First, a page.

My copy of K-ON! The Movie arrived yesterday, but – surprise surprise – it took me a good 24 hours or so to finally scrape together just enough energy to pop the disc into my PS3.
I might put together a more comprehensive review (including the physical product) in the next few days (EDIT: make that a few weeks – sorry chaps but that’s what work-related stress does to you), but for the moment, here’s what I thought of the film.
Just a few minutes in, it was clear to me that this wouldn’t work as a stand-alone movie. Others might disagree, but I’m quite convinced that more than a sketchy knowledge of the characters (and of the original series as a whole) is essential for one to fully appreciate the film. Not that I’d necessarily consider this a drawback; after all, the target demographic is almost certainly composed exclusively of existing fans of the series. To properly set things up for newcomers, the movie would’ve had to tack on another half hour or so of detailed exposition that would bore the primary audience out of their wits (and possibly out of the theatre).
Production values were good, but nothing to write home about. The best way to describe it is “consistent” – that is, consistent with the quality and aesthetic of the original series. Granted, there are more than a few noticeable improvements that set this apart from the made-for-TV episodes: greater attention to depth and detail, a slightly richer palette, a sprinkling of fancy camera work (fly-bys, vibrations, a splash of bokeh here and there, etc.). Having said that, it’s similar enough to the series that if someone had chopped it up into three or four segments and added OP/ED sequences to each one, it might pass for the start of a new season.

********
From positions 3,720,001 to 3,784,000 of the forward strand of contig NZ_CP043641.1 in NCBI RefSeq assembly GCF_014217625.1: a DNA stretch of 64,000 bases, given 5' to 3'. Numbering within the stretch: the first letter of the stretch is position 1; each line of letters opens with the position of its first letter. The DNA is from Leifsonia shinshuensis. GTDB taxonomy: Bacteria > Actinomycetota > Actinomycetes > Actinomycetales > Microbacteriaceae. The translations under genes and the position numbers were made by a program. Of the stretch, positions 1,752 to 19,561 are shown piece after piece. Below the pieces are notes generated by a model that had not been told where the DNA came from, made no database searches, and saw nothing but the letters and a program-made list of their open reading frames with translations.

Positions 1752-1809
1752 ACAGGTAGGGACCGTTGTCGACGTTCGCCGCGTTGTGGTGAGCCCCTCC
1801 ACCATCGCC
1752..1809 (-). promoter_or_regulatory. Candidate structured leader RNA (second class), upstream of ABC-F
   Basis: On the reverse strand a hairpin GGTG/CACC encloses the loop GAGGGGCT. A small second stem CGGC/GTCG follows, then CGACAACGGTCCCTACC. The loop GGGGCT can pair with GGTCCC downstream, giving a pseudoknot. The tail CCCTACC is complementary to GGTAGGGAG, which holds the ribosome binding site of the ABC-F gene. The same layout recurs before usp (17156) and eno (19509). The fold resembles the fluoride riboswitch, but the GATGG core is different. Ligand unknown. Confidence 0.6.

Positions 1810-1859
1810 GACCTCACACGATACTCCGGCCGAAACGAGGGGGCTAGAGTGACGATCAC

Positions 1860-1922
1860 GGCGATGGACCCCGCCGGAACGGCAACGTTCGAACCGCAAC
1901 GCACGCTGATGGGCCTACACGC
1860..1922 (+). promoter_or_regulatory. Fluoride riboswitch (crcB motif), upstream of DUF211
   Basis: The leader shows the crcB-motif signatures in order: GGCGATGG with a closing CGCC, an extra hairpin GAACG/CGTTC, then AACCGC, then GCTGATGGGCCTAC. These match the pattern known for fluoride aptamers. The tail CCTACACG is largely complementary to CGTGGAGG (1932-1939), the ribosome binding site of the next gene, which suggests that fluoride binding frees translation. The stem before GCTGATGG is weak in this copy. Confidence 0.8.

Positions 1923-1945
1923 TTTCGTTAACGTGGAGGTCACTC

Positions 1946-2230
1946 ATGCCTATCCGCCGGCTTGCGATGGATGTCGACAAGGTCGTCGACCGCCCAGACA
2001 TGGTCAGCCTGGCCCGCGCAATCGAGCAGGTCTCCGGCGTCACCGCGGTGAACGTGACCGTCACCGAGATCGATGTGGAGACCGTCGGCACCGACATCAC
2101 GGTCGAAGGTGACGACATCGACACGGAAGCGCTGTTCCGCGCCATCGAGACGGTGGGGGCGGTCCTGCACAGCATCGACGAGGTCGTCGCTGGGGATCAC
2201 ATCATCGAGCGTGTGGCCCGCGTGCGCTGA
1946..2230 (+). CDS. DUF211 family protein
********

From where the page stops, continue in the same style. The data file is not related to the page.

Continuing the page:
The same goes for the story. A trip to London may have held out the potential for something quite significant, but in the end, this entire film turned out to be one long back-story for something that happened towards the end of the second season. New developments are limited to little revelations that flesh things out a wee bit, such as what might be the first physical look at two people who’ve been no more than faceless backgrounders in the series. No earth-shattering bombshells, just more of the same fluffy goodness that we’ve come to know and love (or loathe, as the case may be).
But is that really such a bad thing? Perhaps not, or at least not for everyone. I’ve noted earlier that the target audience for this movie is almost certainly the existing fanbase, and many of them will be quite satisfied with seeing their favourite amateur musicians act in, well, pretty much the same way they’ve always done. The enhanced production values, exotic setting (unless one happens to be a Brit), and new songs are fresh icing on the same old cake: tried and tested comfort food served up in a slightly different way.
For my part, whilst new flavours and new textures would have been appreciated, I’m not unhappy about having another slice of the usual. K-ON! The Movie might not win a lot of new customers over to the franchise, but us regulars will probably find little cause for complaint.
Except, of course, having our appetites whetted for even more of the usual. (Speaking of which, I’m about ready for that new season with the band in university any day now . . .)